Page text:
Are commercial negative pressure systems worth the cost in open abdomen management?

Richard C. Frazee, Stephen W. Abernathy, Daniel Jupiter, John C. Hendricks, Matthew Davis, Justin L. Regner, Travis Isbell, Randall W. Smith, W. Roy Smythe

Research output: Contribution to journalArticle

19 Citations (Scopus)

Abstract

Background: A commercial negative pressure product is compared with the Barker technique (sterile x-ray cassette cover, lap pads, adhesive drape with negative pressure) for temporary abdominal closure in open abdomen management. Study Design: We performed a retrospective review of 37 open abdomen patients who had temporary abdominal closure with a commercial negative pressure device (ABThera, KCI) from 2010 to 2011. These patients were compared with the most recent 37 patients having open abdomen management using the Barker technique from 2009 to 2010. Patient demographics, body mass index (BMI), preoperative albumin, indication for open abdomen management, number of operations, use of sequential closure, and success with closure were analyzed. Patients were compared using chi square, t-test, and logistic regression analysis with significance of p < 0.05. Results: Mean age and BMI were significantly higher in the ABThera patients. No statistically significant differences were seen in male:female ratio, indication for open abdomen management, preoperative albumin, number of operations, and use of sequential closure. In 33 patients (89%) ultimate midline fascial closure was achieved with the ABThera vs in 22 patients (59%) using the Barker technique (p < 0.05). Logistic regression analysis was performed on the 3 significant variables identified on bivariate analysis. Only the type of temporary abdominal closure proved significant, with an odds ratio of 7.97 favoring ABThera (95% CI 1.98 to 32.00). Conclusions: A commercially available negative pressure device for temporary abdominal closure had significantly greater success with ultimate closure after open abdomen management compared with the Barker technique. The added cost of the device is offset by improved patient results and savings from successful closure.

Original languageEnglish (US)
Pages (from-to)730-735
Number of pages6
JournalJournal of the American College of Surgeons
Volume216
Issue number4
DOIs
StatePublished - Apr 2013
Externally publishedYes

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Abdomen
Pressure
Costs and Cost Analysis
Equipment and Supplies
Albumins
Body Mass Index
Logistic Models
Regression Analysis
Chi-Square Distribution
Adhesives
Odds Ratio
X-Rays
Demography

ASJC Scopus subject areas

  • Surgery

Cite this

Are commercial negative pressure systems worth the cost in open abdomen management? / Frazee, Richard C.; Abernathy, Stephen W.; Jupiter, Daniel; Hendricks, John C.; Davis, Matthew; Regner, Justin L.; Isbell, Travis; Smith, Randall W.; Smythe, W. Roy.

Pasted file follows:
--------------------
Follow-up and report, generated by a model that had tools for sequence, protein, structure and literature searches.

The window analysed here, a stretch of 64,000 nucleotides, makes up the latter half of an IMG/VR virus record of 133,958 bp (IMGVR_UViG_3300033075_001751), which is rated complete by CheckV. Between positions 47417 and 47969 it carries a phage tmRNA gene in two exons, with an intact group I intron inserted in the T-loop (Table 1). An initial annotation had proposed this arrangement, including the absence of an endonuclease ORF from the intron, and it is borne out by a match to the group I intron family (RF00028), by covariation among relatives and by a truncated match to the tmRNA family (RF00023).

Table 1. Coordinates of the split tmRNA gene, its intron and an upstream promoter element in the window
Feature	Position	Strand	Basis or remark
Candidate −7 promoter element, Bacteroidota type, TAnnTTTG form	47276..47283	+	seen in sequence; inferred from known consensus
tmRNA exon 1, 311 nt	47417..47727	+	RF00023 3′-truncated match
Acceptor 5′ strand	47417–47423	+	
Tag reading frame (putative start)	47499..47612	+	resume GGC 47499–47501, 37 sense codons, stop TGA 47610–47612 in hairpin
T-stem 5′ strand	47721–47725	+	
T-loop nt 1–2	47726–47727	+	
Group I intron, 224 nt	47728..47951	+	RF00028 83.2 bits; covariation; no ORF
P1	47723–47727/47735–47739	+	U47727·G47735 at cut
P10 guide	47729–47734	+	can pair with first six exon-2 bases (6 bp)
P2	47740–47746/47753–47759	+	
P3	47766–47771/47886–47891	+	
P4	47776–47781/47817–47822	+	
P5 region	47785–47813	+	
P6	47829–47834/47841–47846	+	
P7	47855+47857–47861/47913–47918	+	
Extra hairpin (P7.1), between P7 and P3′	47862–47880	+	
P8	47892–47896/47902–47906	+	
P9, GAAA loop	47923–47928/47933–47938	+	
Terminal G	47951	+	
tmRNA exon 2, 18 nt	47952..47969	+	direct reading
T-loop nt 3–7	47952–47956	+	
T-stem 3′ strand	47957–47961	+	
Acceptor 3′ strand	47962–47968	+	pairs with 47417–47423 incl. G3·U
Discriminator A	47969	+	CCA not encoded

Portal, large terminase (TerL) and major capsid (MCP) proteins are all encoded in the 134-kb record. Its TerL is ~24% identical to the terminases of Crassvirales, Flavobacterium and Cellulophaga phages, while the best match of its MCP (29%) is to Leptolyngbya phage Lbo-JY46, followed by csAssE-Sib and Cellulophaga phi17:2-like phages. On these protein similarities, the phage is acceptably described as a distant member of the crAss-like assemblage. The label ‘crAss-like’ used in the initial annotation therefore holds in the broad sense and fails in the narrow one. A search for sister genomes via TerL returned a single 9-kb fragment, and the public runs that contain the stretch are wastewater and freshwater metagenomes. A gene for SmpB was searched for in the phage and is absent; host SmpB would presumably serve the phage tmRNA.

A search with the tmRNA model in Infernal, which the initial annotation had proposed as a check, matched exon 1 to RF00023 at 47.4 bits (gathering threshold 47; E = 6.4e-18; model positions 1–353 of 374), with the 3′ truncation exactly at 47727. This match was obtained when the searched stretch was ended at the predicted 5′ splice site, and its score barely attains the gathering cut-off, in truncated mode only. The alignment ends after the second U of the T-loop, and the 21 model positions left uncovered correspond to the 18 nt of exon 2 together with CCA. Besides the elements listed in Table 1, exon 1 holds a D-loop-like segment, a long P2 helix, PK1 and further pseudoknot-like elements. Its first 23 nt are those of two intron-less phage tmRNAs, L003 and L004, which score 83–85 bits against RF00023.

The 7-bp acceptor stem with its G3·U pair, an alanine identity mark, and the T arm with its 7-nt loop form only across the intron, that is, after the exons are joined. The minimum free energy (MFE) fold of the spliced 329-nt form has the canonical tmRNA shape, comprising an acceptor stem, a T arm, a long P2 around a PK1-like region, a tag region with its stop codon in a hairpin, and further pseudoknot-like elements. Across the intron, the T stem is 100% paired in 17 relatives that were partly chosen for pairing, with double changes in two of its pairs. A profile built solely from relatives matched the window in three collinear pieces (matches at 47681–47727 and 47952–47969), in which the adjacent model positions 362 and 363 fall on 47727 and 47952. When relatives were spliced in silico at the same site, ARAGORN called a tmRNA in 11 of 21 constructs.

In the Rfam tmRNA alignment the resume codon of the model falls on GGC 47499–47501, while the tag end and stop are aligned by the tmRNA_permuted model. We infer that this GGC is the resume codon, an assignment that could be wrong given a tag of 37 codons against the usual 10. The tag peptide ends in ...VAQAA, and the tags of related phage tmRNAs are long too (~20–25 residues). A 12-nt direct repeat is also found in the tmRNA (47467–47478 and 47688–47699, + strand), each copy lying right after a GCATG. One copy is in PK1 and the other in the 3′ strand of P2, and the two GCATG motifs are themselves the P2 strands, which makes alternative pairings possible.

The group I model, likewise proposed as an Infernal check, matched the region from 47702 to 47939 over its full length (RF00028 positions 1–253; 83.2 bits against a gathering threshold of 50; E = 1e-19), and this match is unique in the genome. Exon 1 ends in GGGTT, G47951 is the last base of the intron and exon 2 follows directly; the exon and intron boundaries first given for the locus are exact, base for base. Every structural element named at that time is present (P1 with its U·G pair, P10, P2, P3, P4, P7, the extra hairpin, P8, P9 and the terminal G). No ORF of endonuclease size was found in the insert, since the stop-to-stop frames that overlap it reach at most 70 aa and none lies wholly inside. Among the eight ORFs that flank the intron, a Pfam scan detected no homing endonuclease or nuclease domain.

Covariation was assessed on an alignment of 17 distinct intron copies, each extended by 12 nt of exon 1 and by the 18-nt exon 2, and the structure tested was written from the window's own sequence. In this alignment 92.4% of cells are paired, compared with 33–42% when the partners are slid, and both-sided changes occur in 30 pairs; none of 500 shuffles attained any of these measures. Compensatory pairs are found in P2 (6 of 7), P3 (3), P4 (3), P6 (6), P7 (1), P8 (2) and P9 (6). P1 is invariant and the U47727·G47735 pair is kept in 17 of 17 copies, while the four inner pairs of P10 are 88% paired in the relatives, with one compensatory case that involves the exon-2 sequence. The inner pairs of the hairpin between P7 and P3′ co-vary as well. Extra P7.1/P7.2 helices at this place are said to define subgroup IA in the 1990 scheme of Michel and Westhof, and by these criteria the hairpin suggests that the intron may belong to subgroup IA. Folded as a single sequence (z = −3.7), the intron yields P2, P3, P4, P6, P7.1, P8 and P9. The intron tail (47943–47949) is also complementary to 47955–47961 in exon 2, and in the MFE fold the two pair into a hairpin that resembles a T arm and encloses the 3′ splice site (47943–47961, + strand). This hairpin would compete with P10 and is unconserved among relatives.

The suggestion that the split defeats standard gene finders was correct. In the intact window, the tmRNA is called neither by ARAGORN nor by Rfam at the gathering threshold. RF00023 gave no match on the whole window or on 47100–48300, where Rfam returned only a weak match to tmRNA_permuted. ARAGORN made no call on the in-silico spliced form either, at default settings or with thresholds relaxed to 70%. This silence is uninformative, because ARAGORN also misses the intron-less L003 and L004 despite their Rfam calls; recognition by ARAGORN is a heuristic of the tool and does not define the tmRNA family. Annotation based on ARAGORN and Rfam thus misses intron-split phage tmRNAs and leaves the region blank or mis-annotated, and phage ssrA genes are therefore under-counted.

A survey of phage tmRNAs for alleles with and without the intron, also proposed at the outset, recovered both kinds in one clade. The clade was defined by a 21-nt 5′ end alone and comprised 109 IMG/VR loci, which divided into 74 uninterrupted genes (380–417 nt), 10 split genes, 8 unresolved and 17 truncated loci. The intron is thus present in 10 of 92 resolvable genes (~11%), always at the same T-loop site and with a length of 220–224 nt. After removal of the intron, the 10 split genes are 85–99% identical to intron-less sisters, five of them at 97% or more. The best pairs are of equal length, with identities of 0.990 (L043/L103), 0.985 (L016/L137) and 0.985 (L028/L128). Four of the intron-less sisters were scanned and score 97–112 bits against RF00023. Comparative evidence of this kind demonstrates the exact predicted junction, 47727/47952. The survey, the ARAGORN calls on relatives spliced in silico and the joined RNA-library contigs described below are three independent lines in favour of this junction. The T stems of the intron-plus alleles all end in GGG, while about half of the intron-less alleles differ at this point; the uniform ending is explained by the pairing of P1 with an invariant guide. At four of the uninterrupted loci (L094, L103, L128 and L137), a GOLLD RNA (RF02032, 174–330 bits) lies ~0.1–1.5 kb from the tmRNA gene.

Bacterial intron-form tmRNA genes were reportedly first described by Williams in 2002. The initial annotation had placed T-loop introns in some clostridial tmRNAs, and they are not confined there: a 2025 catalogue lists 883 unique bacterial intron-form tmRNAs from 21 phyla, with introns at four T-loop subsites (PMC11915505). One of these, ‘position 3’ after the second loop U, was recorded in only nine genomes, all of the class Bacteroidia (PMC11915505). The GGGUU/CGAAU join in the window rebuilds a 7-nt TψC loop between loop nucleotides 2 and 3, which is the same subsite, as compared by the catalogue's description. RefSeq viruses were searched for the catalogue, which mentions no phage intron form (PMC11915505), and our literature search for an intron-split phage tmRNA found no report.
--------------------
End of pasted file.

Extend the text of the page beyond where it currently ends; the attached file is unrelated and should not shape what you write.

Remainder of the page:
In: Journal of the American College of Surgeons, Vol. 216, No. 4, 04.2013, p. 730-735.

Research output: Contribution to journalArticle

Frazee, RC, Abernathy, SW, Jupiter, D, Hendricks, JC, Davis, M, Regner, JL, Isbell, T, Smith, RW & Smythe, WR 2013, 'Are commercial negative pressure systems worth the cost in open abdomen management?', Journal of the American College of Surgeons, vol. 216, no. 4, pp. 730-735. https://doi.org/10.1016/j.jamcollsurg.2012.12.035
Frazee, Richard C. ; Abernathy, Stephen W. ; Jupiter, Daniel ; Hendricks, John C. ; Davis, Matthew ; Regner, Justin L. ; Isbell, Travis ; Smith, Randall W. ; Smythe, W. Roy. / Are commercial negative pressure systems worth the cost in open abdomen management?. In: Journal of the American College of Surgeons. 2013 ; Vol. 216, No. 4. pp. 730-735.
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abstract = "Background: A commercial negative pressure product is compared with the Barker technique (sterile x-ray cassette cover, lap pads, adhesive drape with negative pressure) for temporary abdominal closure in open abdomen management. Study Design: We performed a retrospective review of 37 open abdomen patients who had temporary abdominal closure with a commercial negative pressure device (ABThera, KCI) from 2010 to 2011. These patients were compared with the most recent 37 patients having open abdomen management using the Barker technique from 2009 to 2010. Patient demographics, body mass index (BMI), preoperative albumin, indication for open abdomen management, number of operations, use of sequential closure, and success with closure were analyzed. Patients were compared using chi square, t-test, and logistic regression analysis with significance of p < 0.05. Results: Mean age and BMI were significantly higher in the ABThera patients. No statistically significant differences were seen in male:female ratio, indication for open abdomen management, preoperative albumin, number of operations, and use of sequential closure. In 33 patients (89{\%}) ultimate midline fascial closure was achieved with the ABThera vs in 22 patients (59{\%}) using the Barker technique (p < 0.05). Logistic regression analysis was performed on the 3 significant variables identified on bivariate analysis. Only the type of temporary abdominal closure proved significant, with an odds ratio of 7.97 favoring ABThera (95{\%} CI 1.98 to 32.00). Conclusions: A commercially available negative pressure device for temporary abdominal closure had significantly greater success with ultimate closure after open abdomen management compared with the Barker technique. The added cost of the device is offset by improved patient results and savings from successful closure.",
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